X-linked Opitz G/BBBsyndrome is a congenital midline malformation syndrome characterized by facialanomalies, laryngo-tracheo-esophageal defects, and genitourinary abnormalities.Facial anomalies seen in X-linked Opitz G/BBB syndrome include ocularhypertelorism, prominent forehead, widow's peak, broad nasal bridge, andanteverted nares. Genitourinary abnormalities include hypospadias,cryptorchidism, and hypoplastic/bifid scrotum. The condition is geneticallyheterogeneous, as there is an autosomal dominant form as well.
Hypertelorismand hypospadias are the most frequent manifestations of X-linked Opitz G/BBBsyndrome, being present in almost all individuals. Developmental delay andmental retardation are observed in about 50% of affected males. Cleft lip and/or palate are present in approximately 50% of affected individuals. Other malformations present in fewer than 50% of individualsinclude congenital heart defects, imperforate or ectopic anus, and midline brain defects(Dandy-Walker malformation and agenesis or hypoplasia of the corpus callosumand/or cerebellar vermis). Monozygotic twinning is unusually frequent infamilies of individuals with X-linked Opitz G/BBB syndrome, and may be amanifestation of the defect; unusually severe cases with early lethality occuras twins. Wide clinical variability occurs even among members of the samefamily. Female carriers usually manifest only ocular hypertelorism. Theprevalence of X-linked Opitz G/BBB syndrome ranges from one in 50,000 to one in100,000 males.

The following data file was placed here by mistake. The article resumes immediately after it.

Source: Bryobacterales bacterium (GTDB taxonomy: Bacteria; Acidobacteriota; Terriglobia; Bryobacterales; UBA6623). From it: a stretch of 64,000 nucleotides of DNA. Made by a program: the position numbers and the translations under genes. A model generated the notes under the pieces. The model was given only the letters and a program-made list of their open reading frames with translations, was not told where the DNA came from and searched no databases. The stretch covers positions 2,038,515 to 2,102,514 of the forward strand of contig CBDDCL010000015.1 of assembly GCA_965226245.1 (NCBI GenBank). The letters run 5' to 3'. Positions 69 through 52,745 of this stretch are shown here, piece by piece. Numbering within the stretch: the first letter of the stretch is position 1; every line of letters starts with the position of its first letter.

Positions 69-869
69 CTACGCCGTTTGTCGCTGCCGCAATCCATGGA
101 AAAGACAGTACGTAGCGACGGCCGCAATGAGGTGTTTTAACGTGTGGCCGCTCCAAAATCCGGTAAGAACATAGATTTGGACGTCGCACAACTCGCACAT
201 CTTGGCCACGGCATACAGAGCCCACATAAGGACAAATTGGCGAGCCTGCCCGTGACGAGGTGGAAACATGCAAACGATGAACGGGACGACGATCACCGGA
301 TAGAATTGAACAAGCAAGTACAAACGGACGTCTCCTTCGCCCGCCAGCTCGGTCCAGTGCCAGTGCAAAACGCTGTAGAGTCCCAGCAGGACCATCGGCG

Thediagnosis of X-linked Opitz G/BBB syndrome is established most often byclinical findings. MID1 (Xp22) is the only gene currently known to be associated with X-linked Opitz G/BBB syndrome. Sequence analysis of the MID1 gene detects mutations in15%-45% of males with clinically diagnosed Opitz G/BBB syndrome. Deletions andduplications in and of the MID1 genehave also been reported. The cohorts tested for MID1 mutations ofteninclude simplex cases (i.e., individuals with no family history of Opitz G/BBB syndrome), who therefore cannot be determined to have either theX-linked form or the autosomal dominant form. The detection rate is higher in individuals with clear X-linkedinheritance. De novo mutations havebeen reported.
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This test is indicated for:
- Confirmation of a clinical/biochemical diagnosis of X-linked Opitz G/BBB syndrome in individuals who have tested negative for sequence analysis
- Carrier testing in adult females with a family history of X-linked Opitz G/BBB syndrome who have tested negative for sequence analysis
Infants and Young Children (<2 years of age): 2-3 ml
Children > 2 years of age to 10 years old: 3-5 ml
Older Children & Adults: 5-10 ml
Autopsy: 2-3 ml unclotted cord or cardiac blood
Isolation using the Perkin Elmer™Chemagen™ Chemagen™ Automated Extraction method or Qiagen™ Puregene kit for DNA extraction is recommended.
- Sequencing analysis of the MID1 gene is available (ZC) and is required before deletion/duplication analysis.
- ACGH array-based test for deletion/duplication analysis of 64 differentX-linked intellectual disability genes is available (OL).
- Prenataltesting is available to adult females who are confirmed carriers ofmutations. Please contact the laboratory genetic counselor to discussappropriate testing prior to collecting a prenatal specimen.